From two different blogs, we read of a fascinating criminal case involving a tug of war over evidence. Ultimately, the main points made by both the prosecution and defense missed the mark. A little knowledge could have gone a long way.
We begin by browsing over to Law Professor Susan Brenner CYB3RCRIM3 blog, to a post entitled Encase v. Ghost. Here she describes the case of State v. Dingman, 149 Wash.App. 648, 202 P.3d 388 (Washington Court of Appeals 2009), where a construction contractor specializing in building sunrooms was given a large deposit and money for materials, but who allegedly never finished the job. At trial, Mr. Dingman was convicted of 16 counts of theft and 11 counts of money laundering. He appeals. Why?
Because of the tug of war over evidence residing on his computer. Prior to trial, Dingman requested access to the files on his computers, which were seized by the state and still locked up. The state evidently made Encase images available to the defendant, but that wasn’t good enough. Why?
According to testimony, neither the Dingman legal team nor their forensics expert possessed a copy of the EnCase application (they thought) necessary to read the image. And Encase costs over $3,000 and required another $1,500 for training, according to Defendant’s expert. The State should, as they had in the past, provide a copy of the hard drive in a non-Encase format. Even better, allow the Defense to use its own tools to image the drives themselves. Ghost was specifically mentioned as the Defense’s tool of choice. The State objected. Why?
Evidently, the State believed that the Hard Drives could be damaged should they be released from custody, and that Ghost might produce an inaccurate copy. The States expert noted that he had a copy of Ghost, but did not use the tool for forensics. The State also argued that it didn’t need to “conform” its investigation to the “whims” of the defense, and that the Encase images had been happily accepted by all other defendants prior to this case. The trial court denied Defendant’s motion, and ordered the Prosecution to provide Encase images to the Defense.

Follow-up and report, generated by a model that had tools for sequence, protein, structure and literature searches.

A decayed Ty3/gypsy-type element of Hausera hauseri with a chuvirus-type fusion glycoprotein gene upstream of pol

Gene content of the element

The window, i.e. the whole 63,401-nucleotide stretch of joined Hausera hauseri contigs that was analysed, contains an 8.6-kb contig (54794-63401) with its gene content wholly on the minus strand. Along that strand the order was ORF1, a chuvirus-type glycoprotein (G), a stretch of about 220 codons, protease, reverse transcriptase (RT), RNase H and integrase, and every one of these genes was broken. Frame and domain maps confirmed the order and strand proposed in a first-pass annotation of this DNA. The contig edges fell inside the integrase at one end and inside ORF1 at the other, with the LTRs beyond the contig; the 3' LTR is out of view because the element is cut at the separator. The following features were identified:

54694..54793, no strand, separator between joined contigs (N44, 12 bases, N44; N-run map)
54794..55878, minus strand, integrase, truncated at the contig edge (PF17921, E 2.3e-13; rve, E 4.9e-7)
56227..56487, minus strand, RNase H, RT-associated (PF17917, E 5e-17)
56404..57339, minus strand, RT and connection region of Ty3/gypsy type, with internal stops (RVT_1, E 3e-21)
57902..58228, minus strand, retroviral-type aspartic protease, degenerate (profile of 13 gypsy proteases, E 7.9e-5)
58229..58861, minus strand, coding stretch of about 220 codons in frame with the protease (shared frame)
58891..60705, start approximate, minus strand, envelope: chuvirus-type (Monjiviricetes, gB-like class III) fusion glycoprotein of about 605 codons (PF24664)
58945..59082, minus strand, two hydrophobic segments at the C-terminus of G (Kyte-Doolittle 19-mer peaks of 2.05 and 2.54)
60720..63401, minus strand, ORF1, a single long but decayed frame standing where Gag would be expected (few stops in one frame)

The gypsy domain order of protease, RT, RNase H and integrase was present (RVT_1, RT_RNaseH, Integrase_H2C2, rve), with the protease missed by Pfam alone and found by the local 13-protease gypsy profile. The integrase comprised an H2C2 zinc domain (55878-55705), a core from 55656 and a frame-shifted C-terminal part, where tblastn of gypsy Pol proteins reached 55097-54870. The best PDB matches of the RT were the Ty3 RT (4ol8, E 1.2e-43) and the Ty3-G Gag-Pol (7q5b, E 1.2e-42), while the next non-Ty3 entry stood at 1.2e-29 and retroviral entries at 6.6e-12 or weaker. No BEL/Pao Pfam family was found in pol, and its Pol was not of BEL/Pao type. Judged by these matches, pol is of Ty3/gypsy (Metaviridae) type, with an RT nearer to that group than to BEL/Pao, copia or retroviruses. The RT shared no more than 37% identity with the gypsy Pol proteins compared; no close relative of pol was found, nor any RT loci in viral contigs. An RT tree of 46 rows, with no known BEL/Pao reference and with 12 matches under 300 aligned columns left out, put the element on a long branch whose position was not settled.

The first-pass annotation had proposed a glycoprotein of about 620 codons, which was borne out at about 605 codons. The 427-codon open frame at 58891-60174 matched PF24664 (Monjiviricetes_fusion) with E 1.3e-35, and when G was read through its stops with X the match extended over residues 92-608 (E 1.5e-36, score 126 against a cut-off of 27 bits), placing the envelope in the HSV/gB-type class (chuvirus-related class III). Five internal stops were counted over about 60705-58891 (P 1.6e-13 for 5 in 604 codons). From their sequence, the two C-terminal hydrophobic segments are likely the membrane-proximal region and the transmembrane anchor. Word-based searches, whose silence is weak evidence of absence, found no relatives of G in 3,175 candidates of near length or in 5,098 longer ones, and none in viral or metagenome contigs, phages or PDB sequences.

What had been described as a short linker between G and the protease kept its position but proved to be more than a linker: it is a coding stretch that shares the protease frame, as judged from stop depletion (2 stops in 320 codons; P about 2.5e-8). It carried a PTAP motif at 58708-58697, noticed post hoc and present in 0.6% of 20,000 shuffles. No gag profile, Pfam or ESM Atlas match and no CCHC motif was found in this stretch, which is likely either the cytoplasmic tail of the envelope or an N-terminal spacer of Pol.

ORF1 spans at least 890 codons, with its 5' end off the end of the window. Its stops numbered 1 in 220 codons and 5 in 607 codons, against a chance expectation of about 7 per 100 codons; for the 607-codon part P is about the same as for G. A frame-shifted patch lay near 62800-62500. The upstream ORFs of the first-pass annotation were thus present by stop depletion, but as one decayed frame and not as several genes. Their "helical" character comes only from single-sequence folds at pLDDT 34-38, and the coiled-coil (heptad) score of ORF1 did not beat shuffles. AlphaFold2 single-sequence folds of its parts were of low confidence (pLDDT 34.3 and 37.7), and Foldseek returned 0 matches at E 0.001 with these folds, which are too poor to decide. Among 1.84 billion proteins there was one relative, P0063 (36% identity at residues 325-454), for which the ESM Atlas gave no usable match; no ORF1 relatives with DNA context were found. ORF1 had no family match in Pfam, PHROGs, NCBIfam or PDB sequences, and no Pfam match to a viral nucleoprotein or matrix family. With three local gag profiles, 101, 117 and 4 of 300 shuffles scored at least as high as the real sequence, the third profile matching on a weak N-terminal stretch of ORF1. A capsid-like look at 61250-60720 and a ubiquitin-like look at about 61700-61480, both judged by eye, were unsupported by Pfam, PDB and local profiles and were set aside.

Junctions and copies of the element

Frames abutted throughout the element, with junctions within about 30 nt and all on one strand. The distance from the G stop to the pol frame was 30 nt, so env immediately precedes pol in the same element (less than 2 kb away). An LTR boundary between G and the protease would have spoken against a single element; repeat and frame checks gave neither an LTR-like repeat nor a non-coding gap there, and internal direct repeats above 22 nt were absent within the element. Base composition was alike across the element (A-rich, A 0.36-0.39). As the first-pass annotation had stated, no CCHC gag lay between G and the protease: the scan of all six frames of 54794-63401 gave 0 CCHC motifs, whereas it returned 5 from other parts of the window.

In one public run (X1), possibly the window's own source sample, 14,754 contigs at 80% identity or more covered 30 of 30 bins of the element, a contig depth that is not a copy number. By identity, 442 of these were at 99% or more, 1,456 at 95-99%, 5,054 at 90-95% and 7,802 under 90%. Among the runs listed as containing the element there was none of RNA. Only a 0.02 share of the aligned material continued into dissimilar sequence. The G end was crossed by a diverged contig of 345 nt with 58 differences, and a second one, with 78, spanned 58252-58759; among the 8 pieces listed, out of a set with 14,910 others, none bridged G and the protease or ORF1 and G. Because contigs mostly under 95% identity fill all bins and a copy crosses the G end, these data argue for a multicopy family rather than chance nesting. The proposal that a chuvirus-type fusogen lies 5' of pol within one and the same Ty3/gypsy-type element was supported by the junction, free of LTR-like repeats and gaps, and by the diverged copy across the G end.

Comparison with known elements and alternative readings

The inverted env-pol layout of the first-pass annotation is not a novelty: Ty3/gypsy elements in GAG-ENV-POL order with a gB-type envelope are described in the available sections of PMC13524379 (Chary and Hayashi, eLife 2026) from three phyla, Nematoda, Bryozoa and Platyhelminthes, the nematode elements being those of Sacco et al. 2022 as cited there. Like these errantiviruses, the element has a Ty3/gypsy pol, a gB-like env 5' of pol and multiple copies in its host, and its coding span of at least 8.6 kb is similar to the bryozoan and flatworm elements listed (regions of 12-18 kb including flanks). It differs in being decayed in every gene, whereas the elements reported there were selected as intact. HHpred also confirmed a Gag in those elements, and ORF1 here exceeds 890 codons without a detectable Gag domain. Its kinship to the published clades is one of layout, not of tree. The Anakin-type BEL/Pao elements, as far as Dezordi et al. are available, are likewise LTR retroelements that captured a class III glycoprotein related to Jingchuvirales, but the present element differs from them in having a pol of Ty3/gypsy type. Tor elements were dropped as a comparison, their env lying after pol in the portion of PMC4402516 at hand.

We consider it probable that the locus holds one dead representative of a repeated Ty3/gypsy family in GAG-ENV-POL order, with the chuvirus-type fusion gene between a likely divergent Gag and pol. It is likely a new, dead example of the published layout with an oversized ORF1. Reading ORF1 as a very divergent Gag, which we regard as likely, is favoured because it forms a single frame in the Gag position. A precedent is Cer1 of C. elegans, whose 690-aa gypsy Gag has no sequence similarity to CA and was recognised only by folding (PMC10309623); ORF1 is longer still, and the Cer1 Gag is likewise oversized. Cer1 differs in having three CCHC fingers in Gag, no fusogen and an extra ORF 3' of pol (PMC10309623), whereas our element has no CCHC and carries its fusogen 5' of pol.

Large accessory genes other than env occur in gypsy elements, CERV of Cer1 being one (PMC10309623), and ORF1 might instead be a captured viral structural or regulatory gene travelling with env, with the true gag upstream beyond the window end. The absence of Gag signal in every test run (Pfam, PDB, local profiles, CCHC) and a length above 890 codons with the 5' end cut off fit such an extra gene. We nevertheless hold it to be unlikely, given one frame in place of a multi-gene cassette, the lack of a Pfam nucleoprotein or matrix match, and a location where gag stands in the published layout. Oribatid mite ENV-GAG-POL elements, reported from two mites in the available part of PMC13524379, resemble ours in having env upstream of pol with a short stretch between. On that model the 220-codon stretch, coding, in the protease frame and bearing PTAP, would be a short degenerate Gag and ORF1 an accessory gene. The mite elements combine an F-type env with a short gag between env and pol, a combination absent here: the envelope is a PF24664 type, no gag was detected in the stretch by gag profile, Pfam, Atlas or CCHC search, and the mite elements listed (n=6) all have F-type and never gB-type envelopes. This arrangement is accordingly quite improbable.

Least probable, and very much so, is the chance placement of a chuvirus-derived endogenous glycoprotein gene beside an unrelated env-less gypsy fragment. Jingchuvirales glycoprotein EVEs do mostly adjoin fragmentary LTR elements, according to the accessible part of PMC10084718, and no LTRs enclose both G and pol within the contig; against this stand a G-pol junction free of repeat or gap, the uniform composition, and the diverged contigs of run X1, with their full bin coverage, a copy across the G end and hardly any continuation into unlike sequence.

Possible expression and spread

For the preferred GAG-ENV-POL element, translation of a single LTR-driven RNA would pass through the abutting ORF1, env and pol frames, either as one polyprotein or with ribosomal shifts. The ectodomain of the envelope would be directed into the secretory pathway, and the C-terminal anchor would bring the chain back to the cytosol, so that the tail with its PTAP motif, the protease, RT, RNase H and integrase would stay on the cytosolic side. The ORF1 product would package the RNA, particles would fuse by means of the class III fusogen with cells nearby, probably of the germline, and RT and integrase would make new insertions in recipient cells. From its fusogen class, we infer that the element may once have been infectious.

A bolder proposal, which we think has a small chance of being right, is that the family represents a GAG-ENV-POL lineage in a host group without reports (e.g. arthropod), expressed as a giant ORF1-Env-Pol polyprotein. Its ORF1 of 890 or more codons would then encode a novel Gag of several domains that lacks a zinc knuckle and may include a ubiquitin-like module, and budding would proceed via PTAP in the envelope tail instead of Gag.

After receiving a continuance to allow Defense the time to examine the drives, the trial court refused to grant a second, despite the Defense’s assertion that it had only been partially successful in reviewing the evidence. The Defense and their expert had only been able to access two of the nine drives, and on those two encountered files that it could not open. The trial continued, leading to the conviction of Mr. Dingman on several charges. Of course, we are not done. Why?
On appeal, the higher court cited a Federal district court decision stating that a defense expert should be able to “`utilize his or her hardware or software.’” The prosecution had not established for appropriate restrictions necessary to limit discovery in the manner occurring in the instant case. The Court of Appeals continued by holding that the lower court had “erred by requiring that the State provide only an EnCase mirror image of Dingman’s hard drives to the defense.” The State Supreme Court declined to review the opinion, and Mr. Dingman gets a new trial, should the state decide to a mulligan.
There is plenty wrong here. A lack of knowledge, and of collaboration, has cost the state a bit of money, time, and perhaps secured the liberty of someone who may not deserve it. Rather than lay it out here, however, I’ll direct you to Craig Ball’s commentary, where he does a fine job of discussing all of the issues. His post is called Stubborn v. Stupid.